For many online shoppers, shipping has become a pivotal issue, and one of the worst things an etailer can do is allow a shipment to be late.
On-time arrival is such a high expectation that many shoppers find late delivery worse than other notoriously disagreeable things, a recent DHL survey of 1,400-plus online shoppers suggests. Here are some of the things respondents preferred to getting a package late:
- A root canal – 27 percent
- Spending the weekend with in-laws – 23 percent
- Telling their kids Santa is a myth – 19 percent
Also, consumers want shipping to be free.
Sixty-one percent of shoppers abandoned orders because of high extra costs such as shipping, taxes and other fees, according to Rob Zaleski, digital content marketer at ShippingEasy, citing recent research.
Fifty-two percent dropped their order when they realized there was no free shipping, he told the E-Commerce Times.
Holiday shipping likely will be costlier for small and mid-sized online retailers this year, because UPS announced it would levy per-piece peak charges for U.S. residential shipments on selected dates between Nov. 19 and Dec. 23.
Looking ahead, how can SMBs satisfy customers they’re getting a fair shipping deal even if they can’t offer the two-day “free” shipping Amazon offers its Prime members? It’s not an impossible mission.
1. Focus on Quality of Service
“Customers love and even expect free shipping, but they also care equally, if not more, about the purchase and delivery experience,” said Sriram Sridhar, CEO of LateShipment.
“Have your customer experience team keep customers informed about their order at every stage, track shipments until they’re delivered, proactively fix delivery issues before they affect customers, and follow up with them after delivery,” he told the E-Commerce Times.
“A retailer should focus on enhancing the customer experiences from selecting products through the final delivery,” observed Louis DeJianne, director of retail marketing for UPS.
2. Be Innovative
One approach SMBs can take is to offer free shipping on orders with a minimum value, said Ryan Sit, CEO of Everystore.
Or, they could offer an expedited shipping option for an additional cost, he told the E-Commerce Times.
“Most customers who want a shipment in time for the holidays will pay a fair price for a quick turnaround,” noted Andrew Paul, SVP sales and pricing at DHL Express U.S.
Other customer-pleasing options, UPS’ DeJianne told the E-Commerce Times, include the following:
- Offer promo codes.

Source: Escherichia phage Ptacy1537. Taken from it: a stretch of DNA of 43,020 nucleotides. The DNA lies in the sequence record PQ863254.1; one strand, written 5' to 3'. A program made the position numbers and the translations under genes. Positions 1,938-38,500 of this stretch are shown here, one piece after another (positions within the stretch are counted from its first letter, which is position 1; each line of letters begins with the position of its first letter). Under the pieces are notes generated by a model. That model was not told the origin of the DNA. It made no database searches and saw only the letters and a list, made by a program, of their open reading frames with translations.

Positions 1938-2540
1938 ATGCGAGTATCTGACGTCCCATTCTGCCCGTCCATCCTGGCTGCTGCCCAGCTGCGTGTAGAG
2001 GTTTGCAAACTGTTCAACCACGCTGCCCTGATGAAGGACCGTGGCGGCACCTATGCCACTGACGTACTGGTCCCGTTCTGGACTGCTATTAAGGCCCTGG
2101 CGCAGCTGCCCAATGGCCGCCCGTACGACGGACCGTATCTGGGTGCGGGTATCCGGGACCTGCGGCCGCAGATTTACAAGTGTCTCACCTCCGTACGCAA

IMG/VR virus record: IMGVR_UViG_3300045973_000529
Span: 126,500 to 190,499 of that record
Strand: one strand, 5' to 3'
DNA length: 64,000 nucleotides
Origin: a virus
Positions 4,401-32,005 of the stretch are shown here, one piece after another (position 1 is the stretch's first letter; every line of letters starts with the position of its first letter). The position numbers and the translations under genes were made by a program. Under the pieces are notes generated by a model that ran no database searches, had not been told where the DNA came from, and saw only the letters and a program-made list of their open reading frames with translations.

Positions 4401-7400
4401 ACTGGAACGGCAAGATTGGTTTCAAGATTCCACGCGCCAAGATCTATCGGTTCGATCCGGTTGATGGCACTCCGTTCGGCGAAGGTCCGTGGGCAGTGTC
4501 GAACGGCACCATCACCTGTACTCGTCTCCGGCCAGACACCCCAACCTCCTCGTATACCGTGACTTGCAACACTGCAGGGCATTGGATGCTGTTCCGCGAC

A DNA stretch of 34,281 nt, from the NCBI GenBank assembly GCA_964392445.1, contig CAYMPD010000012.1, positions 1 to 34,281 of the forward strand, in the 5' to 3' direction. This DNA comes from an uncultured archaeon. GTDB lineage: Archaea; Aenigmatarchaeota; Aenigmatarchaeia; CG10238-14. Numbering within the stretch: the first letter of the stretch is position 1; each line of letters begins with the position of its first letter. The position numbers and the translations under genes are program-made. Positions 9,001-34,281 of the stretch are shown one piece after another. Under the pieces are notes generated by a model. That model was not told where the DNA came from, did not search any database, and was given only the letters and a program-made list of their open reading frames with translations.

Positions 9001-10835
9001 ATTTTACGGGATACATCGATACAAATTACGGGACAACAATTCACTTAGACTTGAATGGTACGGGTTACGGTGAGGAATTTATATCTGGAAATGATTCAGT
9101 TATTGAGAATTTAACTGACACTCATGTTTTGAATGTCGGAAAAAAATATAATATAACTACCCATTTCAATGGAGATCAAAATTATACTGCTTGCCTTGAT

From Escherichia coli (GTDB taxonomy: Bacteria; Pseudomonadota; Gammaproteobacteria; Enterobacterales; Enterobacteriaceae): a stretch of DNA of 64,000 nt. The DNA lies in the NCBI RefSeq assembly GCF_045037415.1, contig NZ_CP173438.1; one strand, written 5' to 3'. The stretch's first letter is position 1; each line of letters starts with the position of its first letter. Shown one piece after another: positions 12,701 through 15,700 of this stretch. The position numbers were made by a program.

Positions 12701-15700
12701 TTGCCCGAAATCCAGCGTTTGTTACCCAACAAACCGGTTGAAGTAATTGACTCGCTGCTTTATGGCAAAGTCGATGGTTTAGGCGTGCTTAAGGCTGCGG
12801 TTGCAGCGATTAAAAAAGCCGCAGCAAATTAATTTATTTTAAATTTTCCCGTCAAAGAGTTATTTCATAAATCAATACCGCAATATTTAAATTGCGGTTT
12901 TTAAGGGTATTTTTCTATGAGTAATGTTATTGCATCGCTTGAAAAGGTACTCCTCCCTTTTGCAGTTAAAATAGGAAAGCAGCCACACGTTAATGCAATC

- Offer ship-to-store options.
- Let customers select a later delivery date for free shipping.
- Offer a loyalty program with benefits.
3. Reach Out to Shipping Companies
“Many stores don’t realize you can negotiate better shipping rates by building relationships with shipping carriers,” Everystore’s Sit pointed out. “DHL supports small businesses, and I would recommend reaching out to them and seeing how they can work with you.”
DHL offers On Demand Delivery, a free service that helps customers receive shipments when and where it best suits them, DHL’s Paul told the E-Commerce Times.
UPS works with customers to offer a variety of shipping options tailored to individual needs, DeJianne said.
Another option is ShippingEasy, which provides online retailers with Commercial Plus Pricing shipping rates, and sweetens the pot with automated email marketing campaigns and product recommendations.
4. Plan Ahead for the Holiday Rush
It’s not too early to start preparing for the 2018 holiday season.
“Companies should have a plan for rush orders, DHL’s Paul said. “An experienced shipping partner can help small and medium-sized enterprises identify the 2017 deadlines for specific destinations.”
Also, online retailers should clearly define and broadcast their offers, estimated delivery dates and other information, Paul suggested.
It’s a good idea to reiterate deadlines through the online purchasing process, he added.
5. Focus on Unique or Hard-to-Find Items
Unique products were a top reason to shop at small retailers for 56 percent of shoppers who responded to the 2017 UPS Pulse of the Online Shopper Study, observed UPS’ DeJianne. In 2016, it was 50 percent.
“Customers may be willing to pay for shipping [if] they can’t find the same item at a big chain store or on Amazon,” ShippingEasy’s Zaleski said.
6. Track Shipping Costs
“Most businesses, especially SMBs, overpay shipping carriers,” LateShipment’s Sridhar pointed out. “They can be overpaying by up to 20 percent on every shipping invoice.”
That’s partly because getting refunds is time-consuming, he noted, adding that LateShipment’s software ensures automatic refund claims from carriers for more than 50 service failures.